Advantages and disadvantages of a spacer/valved holding chamber (VHC)

 Slows down the aerosol cloud as it emerges from the pMDI
  Reduces impact of hand–breath (activation–inhalation) coordination problems
  Longer propellant evaporation time reduces particle size (increases respirable fine-particle fraction) and improves lung deposition
 Filters out larger aerosol particles
  Reduces oropharyngeal impaction/deposition and local side-effects (inhaled corticosteroids)
  Reduces fraction of swallowed drug, gastrointestinal absorption, systemic bioavailability and thus extrapulmonary unwanted effects (β-adrenergic agonists)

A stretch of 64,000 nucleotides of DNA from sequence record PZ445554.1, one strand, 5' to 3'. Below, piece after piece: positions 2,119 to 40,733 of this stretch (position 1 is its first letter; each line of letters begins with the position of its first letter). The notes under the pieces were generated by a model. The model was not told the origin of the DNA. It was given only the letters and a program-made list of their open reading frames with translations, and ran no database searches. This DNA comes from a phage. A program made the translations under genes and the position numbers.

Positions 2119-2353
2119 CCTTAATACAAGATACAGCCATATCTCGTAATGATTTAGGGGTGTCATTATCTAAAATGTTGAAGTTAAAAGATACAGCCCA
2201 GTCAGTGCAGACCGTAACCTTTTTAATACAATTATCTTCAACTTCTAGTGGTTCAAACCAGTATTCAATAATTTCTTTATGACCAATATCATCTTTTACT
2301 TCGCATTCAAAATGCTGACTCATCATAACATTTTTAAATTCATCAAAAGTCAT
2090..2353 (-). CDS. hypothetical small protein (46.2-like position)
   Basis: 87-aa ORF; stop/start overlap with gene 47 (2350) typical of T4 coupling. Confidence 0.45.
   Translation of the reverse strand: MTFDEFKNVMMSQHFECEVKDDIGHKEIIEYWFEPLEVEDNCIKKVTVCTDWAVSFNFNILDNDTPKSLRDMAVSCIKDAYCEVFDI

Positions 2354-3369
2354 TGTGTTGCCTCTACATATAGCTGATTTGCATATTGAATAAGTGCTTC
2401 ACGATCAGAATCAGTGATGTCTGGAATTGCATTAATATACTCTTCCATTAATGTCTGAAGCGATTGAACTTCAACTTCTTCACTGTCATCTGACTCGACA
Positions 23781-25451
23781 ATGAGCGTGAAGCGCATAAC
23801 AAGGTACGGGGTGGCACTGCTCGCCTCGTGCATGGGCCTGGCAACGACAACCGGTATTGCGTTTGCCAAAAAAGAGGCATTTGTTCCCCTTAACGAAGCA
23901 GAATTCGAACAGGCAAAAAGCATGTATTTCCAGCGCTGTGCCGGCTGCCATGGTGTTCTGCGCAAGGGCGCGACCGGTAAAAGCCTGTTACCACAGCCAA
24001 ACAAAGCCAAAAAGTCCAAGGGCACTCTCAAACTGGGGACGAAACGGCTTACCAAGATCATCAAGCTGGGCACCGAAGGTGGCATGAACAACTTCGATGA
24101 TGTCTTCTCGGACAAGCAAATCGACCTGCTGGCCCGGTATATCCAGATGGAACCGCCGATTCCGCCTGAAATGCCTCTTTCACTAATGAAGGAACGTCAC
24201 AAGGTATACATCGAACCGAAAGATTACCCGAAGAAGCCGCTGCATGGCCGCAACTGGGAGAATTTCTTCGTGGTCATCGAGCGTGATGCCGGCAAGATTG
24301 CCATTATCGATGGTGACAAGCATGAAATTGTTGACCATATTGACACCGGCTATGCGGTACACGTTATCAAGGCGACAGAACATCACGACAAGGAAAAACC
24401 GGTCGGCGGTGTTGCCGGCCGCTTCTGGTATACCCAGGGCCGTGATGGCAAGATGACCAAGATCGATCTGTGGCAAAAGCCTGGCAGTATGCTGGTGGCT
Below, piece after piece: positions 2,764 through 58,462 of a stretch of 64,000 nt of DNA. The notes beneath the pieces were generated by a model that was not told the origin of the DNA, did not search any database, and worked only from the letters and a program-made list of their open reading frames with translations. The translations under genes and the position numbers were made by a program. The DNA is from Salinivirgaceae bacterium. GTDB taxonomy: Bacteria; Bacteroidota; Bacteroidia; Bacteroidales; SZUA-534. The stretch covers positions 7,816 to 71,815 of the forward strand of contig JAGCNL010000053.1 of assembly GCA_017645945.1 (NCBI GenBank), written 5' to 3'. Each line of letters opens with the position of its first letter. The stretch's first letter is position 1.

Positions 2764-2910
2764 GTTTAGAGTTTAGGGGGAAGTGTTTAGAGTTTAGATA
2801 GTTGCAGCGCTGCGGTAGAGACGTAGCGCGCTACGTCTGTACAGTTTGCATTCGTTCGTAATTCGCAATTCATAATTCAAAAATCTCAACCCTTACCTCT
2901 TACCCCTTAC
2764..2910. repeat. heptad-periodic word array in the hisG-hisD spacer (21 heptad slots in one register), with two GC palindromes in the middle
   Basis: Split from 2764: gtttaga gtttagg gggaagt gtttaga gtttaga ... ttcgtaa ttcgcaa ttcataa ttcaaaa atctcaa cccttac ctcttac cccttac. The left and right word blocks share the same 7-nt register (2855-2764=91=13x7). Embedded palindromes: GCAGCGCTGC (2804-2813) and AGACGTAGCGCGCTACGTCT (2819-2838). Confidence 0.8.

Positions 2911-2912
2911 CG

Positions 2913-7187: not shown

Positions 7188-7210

VHCs can be used with tidal breathing, administered by a care giver
  For the very young (using a face mask) and any patient where coordination is a challenge
  During acute exacerbations (replacing nebulisers)
 Require regular cleaning
 Large-volume spacer/VHC devices are more bulky and less portable
 Electrostatic charge may reduce the respirable aerosol fraction
 More expensive (but may save medication)

pMDI: pressurised, metered-dose inhaler.